Once a quarter I try to help highlight small things you can do to help the animals in need. I try to keep the ideas small and very doable to help encourage people that they can do something and not think it 'too small' because every little bit helps.
But this time I thought I would go big. Have you ever considered fostering or adopting a diabetic cat?
See this time BtC fell at a time when I brought home two new fosters..
According to this blog post, 800,000 cats are diagnosed with diabetes every year. When I was active on a message board for diabetic cats, I would quite often see owners of newly diagnosed cats absolutely overwhelmed with not only the idea of owning a diabetic cat, but the cost. A vial of insulin alone can cost $100 or more. Many people faced with this try to rehome their cats. Please know, there are ways of reducing the costs. Learning how to test the glucose levels of your cat's blood can dramatically reduce not only the cost, but also your own stress levels by giving you loads of data on your cat and how the insulin is working in your kitty.
I have often stated that the learning curve for diabetic cats is very steep, but it is very short. In most cases these days a simple diet change can reverse the high glucose levels and you can avoid the need for insulin all together. Changing the cat to a high protein "low carb" diet can dramatically lower high glucose levels in a cat, and should never be attempted on a cat that is actually on insulin unless you are home testing...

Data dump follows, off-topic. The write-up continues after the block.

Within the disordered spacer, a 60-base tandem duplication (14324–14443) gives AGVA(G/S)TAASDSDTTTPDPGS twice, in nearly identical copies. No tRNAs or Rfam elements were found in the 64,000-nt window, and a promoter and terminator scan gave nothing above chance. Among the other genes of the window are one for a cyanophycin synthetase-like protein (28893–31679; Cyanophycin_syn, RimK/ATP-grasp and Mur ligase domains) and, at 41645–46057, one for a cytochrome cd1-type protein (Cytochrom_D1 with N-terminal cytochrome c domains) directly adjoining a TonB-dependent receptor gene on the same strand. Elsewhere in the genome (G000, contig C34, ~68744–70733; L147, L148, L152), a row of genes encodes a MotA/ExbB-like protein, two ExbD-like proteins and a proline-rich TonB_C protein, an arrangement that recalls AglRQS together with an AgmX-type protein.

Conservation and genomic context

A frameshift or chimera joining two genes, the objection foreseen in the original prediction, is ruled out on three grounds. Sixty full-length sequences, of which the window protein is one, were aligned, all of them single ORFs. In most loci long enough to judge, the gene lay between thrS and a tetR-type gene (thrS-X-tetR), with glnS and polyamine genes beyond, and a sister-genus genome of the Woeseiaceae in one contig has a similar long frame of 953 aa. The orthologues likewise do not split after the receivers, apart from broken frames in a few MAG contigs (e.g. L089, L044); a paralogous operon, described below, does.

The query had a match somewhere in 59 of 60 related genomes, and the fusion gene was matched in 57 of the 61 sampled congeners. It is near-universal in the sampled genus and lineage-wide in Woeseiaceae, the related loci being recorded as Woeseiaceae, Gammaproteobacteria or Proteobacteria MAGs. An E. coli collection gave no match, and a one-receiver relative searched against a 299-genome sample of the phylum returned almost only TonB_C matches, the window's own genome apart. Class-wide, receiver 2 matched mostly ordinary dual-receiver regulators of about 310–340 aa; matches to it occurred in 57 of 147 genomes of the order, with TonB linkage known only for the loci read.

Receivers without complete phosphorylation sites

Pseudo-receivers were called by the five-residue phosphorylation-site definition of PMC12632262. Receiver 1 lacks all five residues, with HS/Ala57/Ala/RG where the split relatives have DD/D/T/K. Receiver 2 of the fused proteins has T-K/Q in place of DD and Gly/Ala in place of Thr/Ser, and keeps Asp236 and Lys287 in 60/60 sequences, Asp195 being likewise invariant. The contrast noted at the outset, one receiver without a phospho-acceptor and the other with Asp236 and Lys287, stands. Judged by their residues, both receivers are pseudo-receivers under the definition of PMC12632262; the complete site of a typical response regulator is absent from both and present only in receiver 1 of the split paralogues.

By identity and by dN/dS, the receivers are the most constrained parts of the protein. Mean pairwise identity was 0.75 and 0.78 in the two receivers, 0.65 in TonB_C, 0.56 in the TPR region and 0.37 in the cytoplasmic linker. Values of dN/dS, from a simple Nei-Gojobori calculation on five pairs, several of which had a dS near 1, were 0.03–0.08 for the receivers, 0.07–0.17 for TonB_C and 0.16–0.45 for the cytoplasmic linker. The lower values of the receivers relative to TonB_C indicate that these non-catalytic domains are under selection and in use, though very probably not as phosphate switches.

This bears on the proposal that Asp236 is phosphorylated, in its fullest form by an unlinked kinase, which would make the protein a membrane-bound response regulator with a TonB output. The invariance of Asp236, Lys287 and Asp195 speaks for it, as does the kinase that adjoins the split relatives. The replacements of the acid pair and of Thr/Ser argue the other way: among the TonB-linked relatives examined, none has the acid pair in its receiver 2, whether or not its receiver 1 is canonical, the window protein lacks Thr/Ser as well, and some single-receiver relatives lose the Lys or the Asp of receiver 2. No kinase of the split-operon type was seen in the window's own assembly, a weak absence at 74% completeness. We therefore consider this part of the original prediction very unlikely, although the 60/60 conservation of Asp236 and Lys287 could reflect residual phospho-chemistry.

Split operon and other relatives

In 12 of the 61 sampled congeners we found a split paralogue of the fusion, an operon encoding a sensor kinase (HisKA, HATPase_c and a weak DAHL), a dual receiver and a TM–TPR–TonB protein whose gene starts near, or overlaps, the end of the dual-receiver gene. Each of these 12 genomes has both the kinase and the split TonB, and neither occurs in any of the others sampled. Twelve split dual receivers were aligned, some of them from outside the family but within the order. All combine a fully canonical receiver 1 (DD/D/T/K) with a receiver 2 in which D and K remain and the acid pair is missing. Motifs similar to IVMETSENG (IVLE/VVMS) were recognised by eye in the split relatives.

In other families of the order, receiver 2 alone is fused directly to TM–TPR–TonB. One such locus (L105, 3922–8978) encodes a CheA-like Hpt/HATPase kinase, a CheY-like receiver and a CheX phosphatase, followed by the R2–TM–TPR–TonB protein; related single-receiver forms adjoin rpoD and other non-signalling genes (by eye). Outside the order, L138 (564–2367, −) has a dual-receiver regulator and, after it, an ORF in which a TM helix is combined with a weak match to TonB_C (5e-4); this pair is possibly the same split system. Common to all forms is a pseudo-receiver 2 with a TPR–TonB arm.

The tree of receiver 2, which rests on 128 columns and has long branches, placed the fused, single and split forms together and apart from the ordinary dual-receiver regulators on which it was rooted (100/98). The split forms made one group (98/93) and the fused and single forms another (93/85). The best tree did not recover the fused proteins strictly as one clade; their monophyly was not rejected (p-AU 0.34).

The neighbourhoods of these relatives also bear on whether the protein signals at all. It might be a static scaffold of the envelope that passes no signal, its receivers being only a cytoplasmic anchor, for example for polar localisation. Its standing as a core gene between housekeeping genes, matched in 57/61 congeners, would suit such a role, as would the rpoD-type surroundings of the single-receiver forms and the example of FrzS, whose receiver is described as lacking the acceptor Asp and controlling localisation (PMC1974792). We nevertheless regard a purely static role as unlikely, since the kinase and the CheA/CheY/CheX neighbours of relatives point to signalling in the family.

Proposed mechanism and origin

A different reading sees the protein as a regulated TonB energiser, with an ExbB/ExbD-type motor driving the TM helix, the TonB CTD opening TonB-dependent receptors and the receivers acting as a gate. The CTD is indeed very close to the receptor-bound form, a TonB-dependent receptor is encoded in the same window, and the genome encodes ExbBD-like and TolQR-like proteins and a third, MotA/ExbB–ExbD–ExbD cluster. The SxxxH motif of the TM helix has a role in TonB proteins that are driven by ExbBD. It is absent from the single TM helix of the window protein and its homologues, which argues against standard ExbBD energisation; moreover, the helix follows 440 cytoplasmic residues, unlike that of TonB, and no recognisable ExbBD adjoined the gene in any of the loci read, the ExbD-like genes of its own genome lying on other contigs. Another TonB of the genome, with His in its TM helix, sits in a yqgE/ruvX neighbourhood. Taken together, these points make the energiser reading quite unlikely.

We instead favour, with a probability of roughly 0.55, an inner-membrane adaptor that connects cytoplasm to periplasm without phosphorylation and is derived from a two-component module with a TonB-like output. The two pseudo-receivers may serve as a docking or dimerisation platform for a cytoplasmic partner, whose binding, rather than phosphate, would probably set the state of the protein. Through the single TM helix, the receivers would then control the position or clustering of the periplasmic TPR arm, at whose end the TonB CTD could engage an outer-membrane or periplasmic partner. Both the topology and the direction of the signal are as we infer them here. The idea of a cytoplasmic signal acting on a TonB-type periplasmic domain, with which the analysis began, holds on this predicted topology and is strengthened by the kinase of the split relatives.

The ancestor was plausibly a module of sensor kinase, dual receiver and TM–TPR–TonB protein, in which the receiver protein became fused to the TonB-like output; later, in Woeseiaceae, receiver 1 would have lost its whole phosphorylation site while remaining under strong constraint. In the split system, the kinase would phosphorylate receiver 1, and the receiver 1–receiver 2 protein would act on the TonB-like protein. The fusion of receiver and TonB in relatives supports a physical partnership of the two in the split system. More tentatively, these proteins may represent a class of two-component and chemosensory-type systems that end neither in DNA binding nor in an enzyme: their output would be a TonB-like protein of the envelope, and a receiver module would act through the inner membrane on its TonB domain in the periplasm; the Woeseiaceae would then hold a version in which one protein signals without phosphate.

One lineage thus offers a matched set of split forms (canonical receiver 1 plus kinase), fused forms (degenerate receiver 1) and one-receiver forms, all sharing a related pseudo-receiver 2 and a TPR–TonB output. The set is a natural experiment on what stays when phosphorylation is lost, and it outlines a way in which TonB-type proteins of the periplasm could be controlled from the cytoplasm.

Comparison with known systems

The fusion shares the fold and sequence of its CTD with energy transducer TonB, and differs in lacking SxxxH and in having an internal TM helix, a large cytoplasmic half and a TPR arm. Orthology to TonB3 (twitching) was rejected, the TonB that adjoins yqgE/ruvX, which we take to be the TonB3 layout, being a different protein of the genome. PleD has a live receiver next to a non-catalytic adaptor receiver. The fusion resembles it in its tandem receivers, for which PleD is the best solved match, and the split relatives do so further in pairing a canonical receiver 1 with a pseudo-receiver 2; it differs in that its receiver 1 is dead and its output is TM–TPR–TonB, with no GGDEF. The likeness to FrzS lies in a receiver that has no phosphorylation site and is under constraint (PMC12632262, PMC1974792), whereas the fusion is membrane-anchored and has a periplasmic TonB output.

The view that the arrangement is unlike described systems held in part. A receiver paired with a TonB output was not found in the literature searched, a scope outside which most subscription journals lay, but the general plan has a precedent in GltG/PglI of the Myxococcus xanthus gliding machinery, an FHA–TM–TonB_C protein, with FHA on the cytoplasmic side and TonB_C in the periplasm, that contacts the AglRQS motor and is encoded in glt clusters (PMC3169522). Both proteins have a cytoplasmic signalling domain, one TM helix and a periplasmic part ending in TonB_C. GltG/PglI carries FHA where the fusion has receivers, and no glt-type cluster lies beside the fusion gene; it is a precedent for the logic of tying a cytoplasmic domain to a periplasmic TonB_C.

Do you get the feeling that I strongly recommend home testing? I do. I believe it is a vital skill to lean, even if your cat is not diabetic, and it takes about $40 to be able to do it. The most basic of glucometers at your local mega mart will work just fine. I tend to pick my glucometers based on the cost of the test strips, because they can range in price from $0.35 to $1.00 or more per strip... and the goal is to help make this affordable. Most vets require the cat to come in to the office and spend a day or more to be 'regulated' on an insulin dose. This is something you can do at home once you have the ability to test. This saves money and stress on the cat. Also, when you generate the data first hand, you have so much more control.
I tend to use a lancet not in a pen, and I use a tissue or a paper towel to 'protect' my fingers from being poked. If I am not worried about poking myself I am much more confident in poking the cat. I also tend to poke several times in one spot as I got my experience on a cat that did not like to bleed. Chandler is a nice bleeder and I only have to poke him once. Abby is not and takes several pokes and some 'milking' of the ear to get enough blood.
Knowing what the blood sugar levels are at gives me the knowledge of how much insulin the cat might need and when you do a 'curve' - testing every two hours - you can watch and see just how the insulin is working through out the day. Just as human diabetic glucose levels fluctuate, so do the cats, and having this information can prevent you from giving too much insulin - which is a life threatening situation.
Once you get the hang of testing, it takes no more than a minute or two. Giving insulin also takes but a moment. I generally give it while the cat is eating and you are often done giving it before the cat even notices.
Owning and treating a diabetic cat is not something I'd wish on anyone, but once you do it, you find the bond with you cat turns in a whole new direction and deepens quite a bit. Often the people who treat diabetic cats find themselves adopting additional diabetic cats because they have the knowledge and really appreciate that deep bond they have with their 'extra sweet' kitties.
Right now there are cats all over the world who need a home simply because they became diabetic. They need someone to step up and say "Yes, I am willing"